“There is still a bit of overlap in our systems,” said Linda Ho, Seismic’s director of human resources. Worse, even Ho, a software industry executive, said she often doesn’t see much to tell one app from another. “At some point, they all start looking pretty much the same.”
Other business leaders have taken a snub at their proliferation of software. Prasad Ramakrishnan, chief information officer at Freshworks, said he had already had more than 800 apps in his 1,300-person company. He has now whittled it down to just over 200, and his goal is to reach 150 eventually. (The company now has more than 5,000 employees.) A quick fix: the legal, finance, and business departments each used different document management tools, and each had their own personal ID, which posed a huge risk to Security. Now they all use Box Inc. Four video conferencing apps have been reduced to one. Every few months, he meets with his IT and finance team and finds new programs to eliminate. “It’s not a one-time project,” he said.
Don’t shed a tear for these pruned sellers, though. They’re hard at work building brand new work apps, like Microsoft’s Viva, an employee-focused platform that handles things like staff surveys, learning, and goal tracking. Employees of Unilever Plc and PayPal Holdings Inc. are among its 10 million users, all hoping one more app will make a big difference.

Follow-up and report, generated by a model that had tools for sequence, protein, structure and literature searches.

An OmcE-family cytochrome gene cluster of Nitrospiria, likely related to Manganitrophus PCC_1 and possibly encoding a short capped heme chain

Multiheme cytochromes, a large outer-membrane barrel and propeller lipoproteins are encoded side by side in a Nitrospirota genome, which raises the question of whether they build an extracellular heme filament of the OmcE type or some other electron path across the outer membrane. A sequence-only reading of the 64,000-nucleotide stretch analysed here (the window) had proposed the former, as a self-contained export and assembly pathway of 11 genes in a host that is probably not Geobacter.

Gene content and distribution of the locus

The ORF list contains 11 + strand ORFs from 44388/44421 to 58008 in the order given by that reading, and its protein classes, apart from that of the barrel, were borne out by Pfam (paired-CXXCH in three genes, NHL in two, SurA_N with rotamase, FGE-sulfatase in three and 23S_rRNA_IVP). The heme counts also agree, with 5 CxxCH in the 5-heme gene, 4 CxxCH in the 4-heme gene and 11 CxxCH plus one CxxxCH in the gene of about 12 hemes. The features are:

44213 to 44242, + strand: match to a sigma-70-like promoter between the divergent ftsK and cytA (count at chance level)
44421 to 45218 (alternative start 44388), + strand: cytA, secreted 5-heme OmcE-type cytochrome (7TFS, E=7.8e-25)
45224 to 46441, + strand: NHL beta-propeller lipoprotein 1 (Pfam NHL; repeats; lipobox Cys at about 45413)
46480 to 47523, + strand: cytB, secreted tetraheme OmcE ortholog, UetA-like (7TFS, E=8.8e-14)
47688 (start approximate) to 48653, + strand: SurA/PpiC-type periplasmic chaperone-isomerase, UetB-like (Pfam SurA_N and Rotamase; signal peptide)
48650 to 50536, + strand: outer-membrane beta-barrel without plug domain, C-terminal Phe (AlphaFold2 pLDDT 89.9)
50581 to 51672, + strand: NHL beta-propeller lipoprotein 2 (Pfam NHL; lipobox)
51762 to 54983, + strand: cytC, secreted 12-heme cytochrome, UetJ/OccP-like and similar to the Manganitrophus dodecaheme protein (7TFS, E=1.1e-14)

A few startups are taking it a step further, trying to replace Google’s Chrome and other ad-supported web browsers. One of them, a Bay Area company called Sidekick, backed by venture capital titan Kleiner Perkins, is beta testing an enterprise-focused browser that allows workers to quickly switch between application to another and easily find any document or website. “Chrome will never evolve into something that’s designed for work – that’s why you have thousands of tabs open all day,” said CEO and co-founder Dmitry Pushkarev. “Our idea was to create a much better work environment that was not based on fatigue.”
Yet it is often unclear whether new approaches add to clutter or reduce it. “Everyone thinks that just buying a tool will help you solve a problem,” said Ho, the human resources chief. “This is all happening with the best of intentions.”
And that’s the crux of the matter, said Marketing Manager Fingerhut: “It’s death by 1,000 good intentions.”